Burgess revealed that in one scheme, leading Australian academics and political figures were invited to a conference in an overseas country, with the organisers covering all expenses, including airfares. When the attendees arrived at the conference, they were met by individuals claiming to be bureaucrats. In reality, they were spies in disguise, members of the A-team.

They used the conference to build relationships with the Australians and aggressively target them for recruitment, openly asking who had access to government documents. A few weeks after the conference wrapped up, one of the academics started giving the A-team information about Australia’s national security and defence priorities.


The influence of the CCP in Australia has been known for more than a decade, but many Chinaphiles have refused to acknowledge it. In his book Silent Invasion, Clive Hamilton detailed the widespread infiltration of the nation by various shadowy organisations working for the United Front, an organ of the CCP. His subsequent book, Hidden Hand, revealed the extent of the subversion globally.

Just recently, a local businessman was convicted and jailed for seeking to influence a former cabinet minister. The person in question was far from a high-level operative. How many more like him have been wittingly or unwittingly doing the bidding of Beijing? As Mr Burgess has said, the threats are real.

As a former MP with a large number of Asian constituents, I was regularly invited to travel to China, often to head delegations of business leaders, offers that I declined. I was also informed regularly by constituents about their suspicions that various people were working for the CCP.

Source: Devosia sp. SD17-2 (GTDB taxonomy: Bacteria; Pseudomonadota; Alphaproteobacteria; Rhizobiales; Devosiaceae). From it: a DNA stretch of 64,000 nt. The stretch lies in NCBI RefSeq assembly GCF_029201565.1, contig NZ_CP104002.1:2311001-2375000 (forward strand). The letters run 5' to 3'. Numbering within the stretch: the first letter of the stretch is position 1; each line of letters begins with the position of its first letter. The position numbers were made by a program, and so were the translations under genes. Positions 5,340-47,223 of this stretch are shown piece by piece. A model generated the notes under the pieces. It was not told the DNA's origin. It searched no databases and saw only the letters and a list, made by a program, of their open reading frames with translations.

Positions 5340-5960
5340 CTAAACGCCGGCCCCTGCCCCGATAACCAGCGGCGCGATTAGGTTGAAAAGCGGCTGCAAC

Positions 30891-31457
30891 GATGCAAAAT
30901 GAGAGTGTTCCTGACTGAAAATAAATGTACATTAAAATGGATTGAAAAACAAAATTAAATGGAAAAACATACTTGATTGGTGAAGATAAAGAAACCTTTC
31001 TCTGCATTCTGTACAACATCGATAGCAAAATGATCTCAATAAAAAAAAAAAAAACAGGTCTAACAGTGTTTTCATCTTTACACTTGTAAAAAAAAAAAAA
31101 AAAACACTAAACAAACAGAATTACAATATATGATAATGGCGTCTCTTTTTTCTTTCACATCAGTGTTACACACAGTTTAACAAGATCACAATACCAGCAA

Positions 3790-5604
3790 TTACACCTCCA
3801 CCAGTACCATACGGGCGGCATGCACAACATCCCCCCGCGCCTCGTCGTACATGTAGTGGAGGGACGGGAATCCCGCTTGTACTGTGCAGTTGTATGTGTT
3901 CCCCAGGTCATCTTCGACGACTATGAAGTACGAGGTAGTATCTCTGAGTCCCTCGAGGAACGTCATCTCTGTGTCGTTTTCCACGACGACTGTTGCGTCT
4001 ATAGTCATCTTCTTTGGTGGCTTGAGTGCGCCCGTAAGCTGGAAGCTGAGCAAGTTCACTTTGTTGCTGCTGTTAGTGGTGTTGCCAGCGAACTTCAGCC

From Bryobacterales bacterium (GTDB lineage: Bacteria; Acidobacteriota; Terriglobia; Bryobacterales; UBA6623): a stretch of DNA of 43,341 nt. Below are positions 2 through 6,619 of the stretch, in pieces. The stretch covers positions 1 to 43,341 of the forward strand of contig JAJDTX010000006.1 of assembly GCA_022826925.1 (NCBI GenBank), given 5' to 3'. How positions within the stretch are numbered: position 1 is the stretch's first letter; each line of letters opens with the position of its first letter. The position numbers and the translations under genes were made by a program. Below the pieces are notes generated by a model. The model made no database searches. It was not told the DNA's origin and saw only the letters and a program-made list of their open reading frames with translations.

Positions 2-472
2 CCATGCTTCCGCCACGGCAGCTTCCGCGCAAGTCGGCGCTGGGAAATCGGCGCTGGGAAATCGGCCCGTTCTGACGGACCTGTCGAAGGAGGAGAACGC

Knowledge of the threats was well-known in the Chinese community, but seems to have been ignored for years elsewhere. Perhaps ASIO’s latest assessment will finally alert Australians to the fact that the CCP insists that every Chinese individual and institution, including public entities and private companies, is an instrument of the regime.

While the case of the former MP attracted most of the headlines, the ASIO assessment mentioned two other topics of concern: the possibility of sabotage of key infrastructure and the threat of terrorism. In particular, ASIO highlighted “the realistic possibility of a terrorist attack or attack planning in the next twelve months. POSSIBLE does not mean negligible. ASIO is currently investigating multiple individuals who have discussed conducting terrorism in Australia.” ASIO has been warning of terrorism threats for some years now.

This advice seems to have fallen on deaf ears in the various state police forces that have allowed anti-Semitic protests to continue unabated, especially in New South Wales and Victoria. The rot started with the weak response to the Black Lives Matter protests a few years ago. Many of the protesters may be the same group of Marxist ideologues who turn out to most left-wing demonstrations, but there are also individuals who have been radicalised by overseas causes and have shown a preparedness to use violence here in Australia. The disconnect between the repeated ASIO warnings and the actions of the state police forces needs to be addressed urgently.


Originally published in The Spectator Australia. Photo by Noelle Otto.